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Testing for Foxconn's industrial robots "Foxbot" are performed at Foxconn factory in Longhua town, Shenzhen in 2016. Photo by Getty Images.
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What Apple Learned From Automation: Humans Are Better

Photo: Testing for Foxconn's industrial robots "Foxbot" are performed at Foxconn factory in Longhua town, Shenzhen in 2016. Photo by Getty Images.

Eight years ago, Apple executives including CEO Tim Cook attended a meeting in China where they watched a video of an experimental manufacturing line for the iPad operated by robots rather than humans. Cook and the other Apple executives watched as iPad parts traveled along conveyor belts and were cut, chemically treated, polished and partially assembled with the help of robotic arms known as Foxbots, according to a person who attended the meeting.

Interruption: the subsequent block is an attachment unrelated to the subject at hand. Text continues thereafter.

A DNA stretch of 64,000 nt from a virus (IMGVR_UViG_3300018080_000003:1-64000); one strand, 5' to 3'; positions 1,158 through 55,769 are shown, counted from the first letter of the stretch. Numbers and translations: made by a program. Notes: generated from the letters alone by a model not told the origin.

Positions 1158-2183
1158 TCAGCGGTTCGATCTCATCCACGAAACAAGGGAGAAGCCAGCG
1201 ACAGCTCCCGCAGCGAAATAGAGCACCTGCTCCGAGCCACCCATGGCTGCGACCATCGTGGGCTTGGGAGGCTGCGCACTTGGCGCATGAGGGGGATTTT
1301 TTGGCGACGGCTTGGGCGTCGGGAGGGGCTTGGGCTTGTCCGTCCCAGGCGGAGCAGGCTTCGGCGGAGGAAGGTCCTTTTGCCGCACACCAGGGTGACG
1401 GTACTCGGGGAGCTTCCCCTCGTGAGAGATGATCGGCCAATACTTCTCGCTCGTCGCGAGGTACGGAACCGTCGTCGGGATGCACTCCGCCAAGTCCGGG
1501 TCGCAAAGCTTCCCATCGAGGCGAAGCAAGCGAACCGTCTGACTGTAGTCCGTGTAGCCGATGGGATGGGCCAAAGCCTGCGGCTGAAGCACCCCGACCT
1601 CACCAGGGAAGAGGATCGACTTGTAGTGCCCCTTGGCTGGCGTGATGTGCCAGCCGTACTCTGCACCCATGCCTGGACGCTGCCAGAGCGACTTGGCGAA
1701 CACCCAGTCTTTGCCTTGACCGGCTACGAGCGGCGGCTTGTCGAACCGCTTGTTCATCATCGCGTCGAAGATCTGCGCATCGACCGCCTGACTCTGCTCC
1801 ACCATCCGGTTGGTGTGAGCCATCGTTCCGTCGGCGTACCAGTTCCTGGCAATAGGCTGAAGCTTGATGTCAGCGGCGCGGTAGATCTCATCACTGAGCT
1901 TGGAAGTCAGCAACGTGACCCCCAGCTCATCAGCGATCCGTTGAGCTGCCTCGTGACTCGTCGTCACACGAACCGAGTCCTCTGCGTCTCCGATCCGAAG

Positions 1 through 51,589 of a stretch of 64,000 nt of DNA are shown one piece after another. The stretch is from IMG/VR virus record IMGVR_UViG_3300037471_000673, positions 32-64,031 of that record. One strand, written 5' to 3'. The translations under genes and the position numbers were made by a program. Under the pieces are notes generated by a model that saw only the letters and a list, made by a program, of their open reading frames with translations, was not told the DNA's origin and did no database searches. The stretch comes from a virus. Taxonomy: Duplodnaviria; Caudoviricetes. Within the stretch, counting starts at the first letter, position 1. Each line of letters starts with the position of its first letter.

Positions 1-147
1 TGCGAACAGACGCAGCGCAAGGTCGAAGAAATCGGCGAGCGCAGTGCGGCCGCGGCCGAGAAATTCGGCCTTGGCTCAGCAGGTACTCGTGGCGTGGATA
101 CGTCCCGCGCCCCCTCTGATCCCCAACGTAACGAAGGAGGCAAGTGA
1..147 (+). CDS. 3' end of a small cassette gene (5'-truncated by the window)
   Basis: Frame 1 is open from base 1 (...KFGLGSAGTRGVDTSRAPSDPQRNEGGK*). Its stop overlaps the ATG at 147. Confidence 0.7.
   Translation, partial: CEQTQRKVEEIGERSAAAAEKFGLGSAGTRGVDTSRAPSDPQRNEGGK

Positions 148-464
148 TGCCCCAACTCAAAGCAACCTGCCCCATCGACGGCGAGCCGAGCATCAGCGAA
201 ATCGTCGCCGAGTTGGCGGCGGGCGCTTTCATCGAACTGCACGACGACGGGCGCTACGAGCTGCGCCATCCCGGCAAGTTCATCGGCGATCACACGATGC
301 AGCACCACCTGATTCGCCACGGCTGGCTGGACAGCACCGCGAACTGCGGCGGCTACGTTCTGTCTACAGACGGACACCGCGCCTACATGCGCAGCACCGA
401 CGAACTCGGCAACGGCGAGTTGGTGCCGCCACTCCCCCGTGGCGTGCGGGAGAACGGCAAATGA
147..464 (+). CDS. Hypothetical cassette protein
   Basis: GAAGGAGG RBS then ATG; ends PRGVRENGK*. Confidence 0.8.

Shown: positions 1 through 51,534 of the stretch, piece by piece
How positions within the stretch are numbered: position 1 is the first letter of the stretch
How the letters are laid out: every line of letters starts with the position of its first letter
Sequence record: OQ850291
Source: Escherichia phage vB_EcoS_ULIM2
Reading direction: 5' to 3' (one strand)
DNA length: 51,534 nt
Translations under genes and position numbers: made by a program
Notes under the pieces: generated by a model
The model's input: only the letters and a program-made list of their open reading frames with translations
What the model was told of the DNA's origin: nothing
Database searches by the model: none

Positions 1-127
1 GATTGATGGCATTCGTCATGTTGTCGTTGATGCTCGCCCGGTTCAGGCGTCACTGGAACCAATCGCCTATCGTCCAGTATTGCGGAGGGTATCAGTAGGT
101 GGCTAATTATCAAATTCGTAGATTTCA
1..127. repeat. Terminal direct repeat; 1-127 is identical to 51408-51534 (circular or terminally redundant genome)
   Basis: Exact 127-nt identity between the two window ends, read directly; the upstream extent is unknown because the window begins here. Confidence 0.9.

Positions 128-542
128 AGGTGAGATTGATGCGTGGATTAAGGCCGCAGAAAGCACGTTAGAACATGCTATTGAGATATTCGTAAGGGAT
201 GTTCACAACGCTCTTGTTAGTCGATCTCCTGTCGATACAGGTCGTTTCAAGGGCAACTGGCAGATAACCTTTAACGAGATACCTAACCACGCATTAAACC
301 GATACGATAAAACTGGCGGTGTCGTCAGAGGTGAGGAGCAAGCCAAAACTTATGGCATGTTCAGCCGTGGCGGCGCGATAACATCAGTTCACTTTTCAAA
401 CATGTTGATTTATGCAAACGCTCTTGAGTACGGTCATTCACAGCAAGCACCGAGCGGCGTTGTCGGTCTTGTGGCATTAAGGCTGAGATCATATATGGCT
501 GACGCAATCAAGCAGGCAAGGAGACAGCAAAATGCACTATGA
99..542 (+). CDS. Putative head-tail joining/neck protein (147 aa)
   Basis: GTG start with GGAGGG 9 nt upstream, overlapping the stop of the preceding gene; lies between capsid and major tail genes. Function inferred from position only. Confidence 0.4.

The line was developed by Foxconn Technology, Apple’s largest outside manufacturer, and the demonstration was led by Foxconn chairman Terry Gou. After playing the video, Gou told Apple executives the line needed very few humans to operate. He cautioned there was a political risk to building a fully automated production line, as the Chinese government would ask why Foxconn wasn’t hiring more people. Still, the company was confident about the future of this technology: Gou at the time expected Foxconn would be using 1 million robots in its factories by 2014.

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